Sunday, April 21, 2013

“Cousin bait”


I’ve often heard of genealogical blogs being called “cousin bait”; and recently I found out why.

Last week my third cousin from Philadelphia – a man I knew nothing of – apparently googled our great great grandfather (Franz Bernhardt) and I’m one of the things that popped up. This was a particularly wonderful discovery for me, as I hope it was for him.

I had discovered that Franz had sent his children (well, three of them) to live in a home for poor children after his wife died in 1879. My great grandfather was older and was able to stay at home with his  father and learn his craft as a tailor. So, I had assumed that this was a struggling German immigrant family – and maybe they were at one time. But by the time of his death in 1905, Franz Sr had apparently amassed a good bit of money as well as being the owner of five homes.

Yes, Franz had a will I wasn’t aware of. My cousin sent it to me and it confirmed his brother, also a tailor in Philadelphia, as well as a sister who remained in Germany. It also mentioned a child I had not seen mention of before – Albert. Albert was likely born between 1875 and 1879 – in which case he would have been too young to have gone to the home.

So, now I have a sister to track down as well as another son. I am so grateful to have received this information.

Tuesday, March 26, 2013

My Top 5 Brick Walls



I was thinking today about the trouble I’m having with some of my ancestors – some of them surprisingly so. I’m not talking just about those way back ancestors; some of the ones I’m having problems with are relatively close in time.

5. Rosina Maier Bernhardt – my great grandmother. She was born about October 1873 in Germany. Census data indicates she immigrated to Philadelphia in 1890 and married my great grandfather, Franz Bernhardt, Jr., in 1893. I haven’t seen her death certificate yet – Philadelphia City records are slow to move through the system – but I’m hoping they will offer up the name of a parent. I can’t find any records on her outside of her census records and death certificate. She died in 1929, before any of her grandchildren were even born.

4. Jonathan Russ – My great great great grandfather died during the Civil War.  Unfortunately, his wife had two children after his death without being remarried, so many Russ family historians are reluctant to agree with my assessment. However, they do all agree he was about 35 years old and a Confederate soldier – and records shows that Jonathan Russ, 35, of Bladen County, North Carolina died a prisoner of war at Fort Delaware. To date no records of his parents have been found, however most researchers claim he was the son of  Jonathan Russ.

3. Evan Cain, Sr. – my great great great great grandfather. He was born in North Carolina circa 1790, likely in Bladen County. There were two recorded Cain families that came to Bladen County around 1750, so he is likely a descendant of one of those. My great Uncle Edison has kindly agreed to have his DNA tested so maybe that will help at least put us in the right line.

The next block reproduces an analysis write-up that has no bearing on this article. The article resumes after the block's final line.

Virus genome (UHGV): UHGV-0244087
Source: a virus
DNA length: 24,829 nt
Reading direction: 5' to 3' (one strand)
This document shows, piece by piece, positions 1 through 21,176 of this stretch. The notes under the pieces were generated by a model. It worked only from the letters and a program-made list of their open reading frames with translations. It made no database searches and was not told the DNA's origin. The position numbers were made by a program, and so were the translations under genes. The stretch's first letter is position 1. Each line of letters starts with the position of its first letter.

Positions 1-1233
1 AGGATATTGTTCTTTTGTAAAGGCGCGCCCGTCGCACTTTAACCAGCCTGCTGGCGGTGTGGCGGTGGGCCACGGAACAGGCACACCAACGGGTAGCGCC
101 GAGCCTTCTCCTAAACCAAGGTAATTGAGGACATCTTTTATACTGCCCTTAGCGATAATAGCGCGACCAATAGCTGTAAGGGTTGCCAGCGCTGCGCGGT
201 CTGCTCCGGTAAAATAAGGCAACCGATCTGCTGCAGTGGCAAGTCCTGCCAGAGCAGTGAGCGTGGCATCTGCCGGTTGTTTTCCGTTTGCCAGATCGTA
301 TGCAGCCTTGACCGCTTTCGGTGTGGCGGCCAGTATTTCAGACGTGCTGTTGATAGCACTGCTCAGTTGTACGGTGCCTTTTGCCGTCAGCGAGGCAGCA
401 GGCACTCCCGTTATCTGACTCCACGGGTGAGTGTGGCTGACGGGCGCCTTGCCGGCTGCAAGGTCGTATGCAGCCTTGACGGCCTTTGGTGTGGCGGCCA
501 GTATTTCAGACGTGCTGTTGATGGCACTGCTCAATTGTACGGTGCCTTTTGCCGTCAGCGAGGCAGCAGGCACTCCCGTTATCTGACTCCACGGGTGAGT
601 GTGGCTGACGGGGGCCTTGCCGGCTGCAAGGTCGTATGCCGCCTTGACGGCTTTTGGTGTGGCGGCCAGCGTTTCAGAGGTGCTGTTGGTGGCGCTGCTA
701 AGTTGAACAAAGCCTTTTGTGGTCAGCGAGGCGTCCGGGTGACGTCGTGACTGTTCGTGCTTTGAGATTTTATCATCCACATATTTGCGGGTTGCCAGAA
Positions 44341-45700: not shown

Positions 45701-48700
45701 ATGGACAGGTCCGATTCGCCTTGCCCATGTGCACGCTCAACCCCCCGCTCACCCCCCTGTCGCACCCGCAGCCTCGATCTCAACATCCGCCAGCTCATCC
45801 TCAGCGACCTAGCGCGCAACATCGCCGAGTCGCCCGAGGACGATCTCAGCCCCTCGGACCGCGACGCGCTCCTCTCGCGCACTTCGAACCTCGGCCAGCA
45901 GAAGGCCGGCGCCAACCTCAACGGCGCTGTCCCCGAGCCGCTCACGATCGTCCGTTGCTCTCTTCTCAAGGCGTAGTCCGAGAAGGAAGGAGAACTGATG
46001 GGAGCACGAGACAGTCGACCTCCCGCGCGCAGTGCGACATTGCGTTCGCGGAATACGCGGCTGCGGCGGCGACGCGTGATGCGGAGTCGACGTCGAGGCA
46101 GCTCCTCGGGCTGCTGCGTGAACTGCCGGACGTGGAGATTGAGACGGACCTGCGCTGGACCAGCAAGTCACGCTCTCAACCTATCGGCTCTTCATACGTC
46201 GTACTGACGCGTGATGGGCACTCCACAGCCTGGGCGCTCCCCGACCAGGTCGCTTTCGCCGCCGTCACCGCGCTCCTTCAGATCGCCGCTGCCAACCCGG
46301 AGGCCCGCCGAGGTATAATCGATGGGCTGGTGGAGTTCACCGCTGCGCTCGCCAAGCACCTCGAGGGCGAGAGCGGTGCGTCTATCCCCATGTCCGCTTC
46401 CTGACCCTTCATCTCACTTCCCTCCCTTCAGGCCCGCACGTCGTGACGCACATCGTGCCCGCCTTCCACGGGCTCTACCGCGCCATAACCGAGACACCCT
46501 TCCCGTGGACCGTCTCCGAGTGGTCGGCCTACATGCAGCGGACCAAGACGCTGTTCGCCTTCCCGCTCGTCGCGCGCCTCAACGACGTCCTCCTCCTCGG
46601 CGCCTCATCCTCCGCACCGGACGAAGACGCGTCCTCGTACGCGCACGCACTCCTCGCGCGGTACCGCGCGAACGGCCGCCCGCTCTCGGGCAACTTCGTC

2. Peter Hilliard Christian Pound – The first known documentation for Peter Pound, my great great grandfather, was probably the 1860 Federal Census in Lexington County, South Carolina – and that record is hazy. Thirteen year old Peter Pound was living with a Goodwin/Godwin family – however my Peter Pound was born in 1850. Family lore has it that his mother died shortly after he was born, but before the census taker came to call; if this is true it’s possible that he had already been taken in by another family. In any case, no one really knows for sure who his father is, although there was really only one Pound family in South Carolina he could belong to.

And my number one brick wall is:

Wilson “Tuke” Carter, b: 7 April 1861 d: 7 November 1921, Georgia

Apparently my great great great grandmother, Julia Ann “Annie” Carter, was an unmarried woman in South Central Georgia in the mid 1800s. She was born a Carter, died a Carter, and was the mother of eight Carter children. She was enumerated as the head of household on the 1860-1900 US Federal Censuses, never with a husband, and had different children residing with her at different times – some recorded as white, some as mulatto.

Many people list her husband as “Gus Carter”, but no record of any sort exists for a “Gus Carter” in that part of Georgia.  Others claim she was married to a man named James Nathaniel “Samp” Dyal, and that two of her children were fathered by him – while the latter part may certainly be true, James Dyal was married to someone else at the time and there is no indication that they were ever married either.

It’s interesting to note that two of Annie’s sisters led  similar lives. One can’t help but wonder what series of events lead up to this unusual choice in lifestyle.

In any case, I think the only thing that will help in giving any kind of lead to Wilson Carter’s father will be a DNA test. Unfortunately, his family was in Georgia, while my family returned to North Carolina in 1940 – my Cain family knows very few, if any, living descendants of Wilson Carter. They are out there, though, and I hope to find them and convince one of his direct male descendants to take a DNA test to help us get to the bottom of things.